Narratives of Irish History

Published in Issue 2 (Summer 1996), Letters, Letters, Volume 4

The elegant eighteenth-century surroundings of Clifton Hill House provided a suitably austere setting for the Tenth Biennial Conference of Irish Historians in Britain which took place at the University of Bristol, 12-14 April on the theme Narratives of Irish History.
Donnchadh Ó Corráin (UCC) set the tone with a stimulating opening contribution examining the literary devices employed by Christian writers in seventh- and eighth-century Ireland to accommodate the country’s pagan past. Sean Duffy (TCD) then discussed Irish and Scandinavian attitudes to the role of Dublin in eleventh- and twelfth-century Irish politics and this was followed by the first of many lively question-and-answer sessions of the weekend.
On Saturday Bernadette Cunningham (Dublin Diocesan Library) continued the theme of religious narrative with an analysis of seventeenth-century Catholic and Protestant interpretations of the career of St Columba. Toby Barnard (Hertford College, Oxford) then discussed the writings of members of the eighteenth-century ascendancy during their tours of continental Europe and what these accounts revealed about this group’s sense of identity. Vincent Morley (University of Liverpool) compared attitudes towards Jacobitism in eighteenth-century Gaelic poetry from both Scotland and Ireland. The excellence of this paper was complemented by the contribution which followed from Norman Vance (University of Sussex), who examined attitudes to Ireland’s literary heritage displayed in the writings of commentators from Geoffrey Keating to Douglas Hyde. A particularly pleasing aspect of this talk was the long overdue recognition it paid to the work of Darcy Magee.
In the next session Joep Leerssen (University of Amsterdam) examined the reasons why mid-nineteenth-century Ireland witnessed a dearth of fiction-writing and a profusion of works of history. The theme of blurring fact and fiction in the narration of Irish history in the late nineteenth and early twentieth centuries was advanced still further in an absorbing paper by the next speaker, Eileen Reilly (Hertford College, Oxford). A reception hosted by the Irish embassy followed and the conference dinner was brought to a close by the guest speaker, Margaret MacCurtain, who spoke to the theme of the conference with feeling and insight.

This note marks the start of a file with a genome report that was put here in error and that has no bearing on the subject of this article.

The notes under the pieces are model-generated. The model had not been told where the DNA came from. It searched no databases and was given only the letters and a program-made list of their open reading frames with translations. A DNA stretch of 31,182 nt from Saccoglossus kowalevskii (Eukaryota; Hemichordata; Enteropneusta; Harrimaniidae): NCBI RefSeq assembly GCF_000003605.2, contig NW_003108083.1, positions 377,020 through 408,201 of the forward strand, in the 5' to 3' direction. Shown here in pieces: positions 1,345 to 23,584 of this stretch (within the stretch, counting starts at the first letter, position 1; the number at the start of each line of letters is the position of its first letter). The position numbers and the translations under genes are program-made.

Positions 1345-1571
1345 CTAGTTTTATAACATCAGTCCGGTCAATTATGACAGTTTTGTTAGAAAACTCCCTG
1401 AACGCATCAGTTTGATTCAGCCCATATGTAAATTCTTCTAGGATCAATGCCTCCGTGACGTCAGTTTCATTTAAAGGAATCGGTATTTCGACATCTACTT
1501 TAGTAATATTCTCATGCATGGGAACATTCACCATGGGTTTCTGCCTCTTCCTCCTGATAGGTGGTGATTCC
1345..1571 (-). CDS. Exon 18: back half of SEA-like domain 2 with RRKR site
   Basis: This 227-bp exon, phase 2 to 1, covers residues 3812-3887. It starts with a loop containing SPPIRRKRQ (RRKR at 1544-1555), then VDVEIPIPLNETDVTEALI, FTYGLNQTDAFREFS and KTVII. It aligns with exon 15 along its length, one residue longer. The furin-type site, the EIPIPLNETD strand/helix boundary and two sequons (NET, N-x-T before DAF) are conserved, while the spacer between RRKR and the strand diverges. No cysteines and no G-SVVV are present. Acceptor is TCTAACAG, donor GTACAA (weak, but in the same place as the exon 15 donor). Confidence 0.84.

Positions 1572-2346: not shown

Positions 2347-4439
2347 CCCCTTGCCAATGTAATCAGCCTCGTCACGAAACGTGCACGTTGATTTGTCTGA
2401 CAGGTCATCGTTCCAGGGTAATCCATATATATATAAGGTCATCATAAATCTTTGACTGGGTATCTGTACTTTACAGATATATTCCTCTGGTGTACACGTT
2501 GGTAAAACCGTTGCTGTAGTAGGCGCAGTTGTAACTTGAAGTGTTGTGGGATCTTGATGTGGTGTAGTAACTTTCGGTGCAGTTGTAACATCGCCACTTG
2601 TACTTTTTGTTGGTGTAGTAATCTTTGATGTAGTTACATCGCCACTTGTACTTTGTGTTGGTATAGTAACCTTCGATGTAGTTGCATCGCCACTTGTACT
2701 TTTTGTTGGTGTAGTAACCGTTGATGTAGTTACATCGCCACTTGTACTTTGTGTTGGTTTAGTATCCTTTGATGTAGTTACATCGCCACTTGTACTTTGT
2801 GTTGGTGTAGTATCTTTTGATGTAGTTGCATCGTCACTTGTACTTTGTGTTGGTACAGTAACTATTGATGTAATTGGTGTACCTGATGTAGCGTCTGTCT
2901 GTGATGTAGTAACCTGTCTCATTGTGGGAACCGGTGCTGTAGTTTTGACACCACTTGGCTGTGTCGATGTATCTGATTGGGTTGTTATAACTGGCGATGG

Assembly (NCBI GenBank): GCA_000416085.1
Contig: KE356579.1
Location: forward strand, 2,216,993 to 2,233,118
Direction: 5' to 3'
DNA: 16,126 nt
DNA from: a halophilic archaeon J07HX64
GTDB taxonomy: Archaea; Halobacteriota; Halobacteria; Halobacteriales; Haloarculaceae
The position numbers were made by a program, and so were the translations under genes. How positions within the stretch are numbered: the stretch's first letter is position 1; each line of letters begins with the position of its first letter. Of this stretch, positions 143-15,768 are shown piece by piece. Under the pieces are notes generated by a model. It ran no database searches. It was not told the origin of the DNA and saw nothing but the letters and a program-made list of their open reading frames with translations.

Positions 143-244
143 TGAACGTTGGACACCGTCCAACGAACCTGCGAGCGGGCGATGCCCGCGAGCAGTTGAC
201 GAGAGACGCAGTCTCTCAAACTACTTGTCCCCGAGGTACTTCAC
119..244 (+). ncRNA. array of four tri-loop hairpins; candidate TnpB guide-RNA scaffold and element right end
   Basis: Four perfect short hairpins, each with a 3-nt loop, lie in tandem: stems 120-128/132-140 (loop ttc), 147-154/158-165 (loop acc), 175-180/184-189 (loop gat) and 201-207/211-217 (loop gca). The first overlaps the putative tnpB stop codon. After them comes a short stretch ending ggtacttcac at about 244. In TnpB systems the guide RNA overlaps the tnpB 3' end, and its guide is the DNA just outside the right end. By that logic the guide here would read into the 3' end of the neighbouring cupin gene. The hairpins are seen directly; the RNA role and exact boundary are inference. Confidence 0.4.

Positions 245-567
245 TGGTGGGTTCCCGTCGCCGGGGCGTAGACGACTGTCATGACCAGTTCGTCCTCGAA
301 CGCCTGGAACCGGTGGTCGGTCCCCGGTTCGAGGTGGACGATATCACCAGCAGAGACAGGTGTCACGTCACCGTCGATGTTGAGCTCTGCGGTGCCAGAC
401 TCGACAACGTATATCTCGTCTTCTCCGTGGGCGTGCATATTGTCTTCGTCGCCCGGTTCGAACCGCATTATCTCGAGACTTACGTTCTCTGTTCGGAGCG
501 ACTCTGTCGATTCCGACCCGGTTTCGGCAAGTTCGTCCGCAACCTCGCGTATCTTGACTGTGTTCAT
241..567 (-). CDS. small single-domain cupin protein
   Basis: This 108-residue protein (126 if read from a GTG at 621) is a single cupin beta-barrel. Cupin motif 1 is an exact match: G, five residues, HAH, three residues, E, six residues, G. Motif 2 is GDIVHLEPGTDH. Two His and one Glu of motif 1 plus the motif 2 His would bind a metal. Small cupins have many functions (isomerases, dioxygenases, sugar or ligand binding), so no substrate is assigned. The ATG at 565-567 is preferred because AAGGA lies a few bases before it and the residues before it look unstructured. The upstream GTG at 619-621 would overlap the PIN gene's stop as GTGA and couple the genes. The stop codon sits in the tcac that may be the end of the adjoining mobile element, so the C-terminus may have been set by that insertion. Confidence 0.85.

Maria Luddy (University of Warwick) began proceedings on Sunday morning with a paper on prostitution in nineteenth-century Ireland and was followed by a fascinating examination by Joanna Bourke (Birkbeck College, London) of the stereotyping of Irish soldiers and their attitude to war by their British officers during the First World War. Jennifer Ridden (University of Bristol) gave a subtle analysis of the conflicting attitudes of the different groups which constituted the Protestant elite in early nineteenth-century Ireland and the final paper of the conference, by D.H. Akenson (McGill-Queen’s University, Canada), used the Biblical story of the Babylonian captivity of the Jewish people as a way of introducing a warning against the use by historians of the term ‘holocaust’ in discussions of the Great Irish Famine. Professor Akenson’s paper inspired Owen Dudley Edwards (University of Edinburgh) to read from the floor extensive passages from the Book of Kings with the result that delegates left the conference both mentally and morally refreshed.

Brendan Smith

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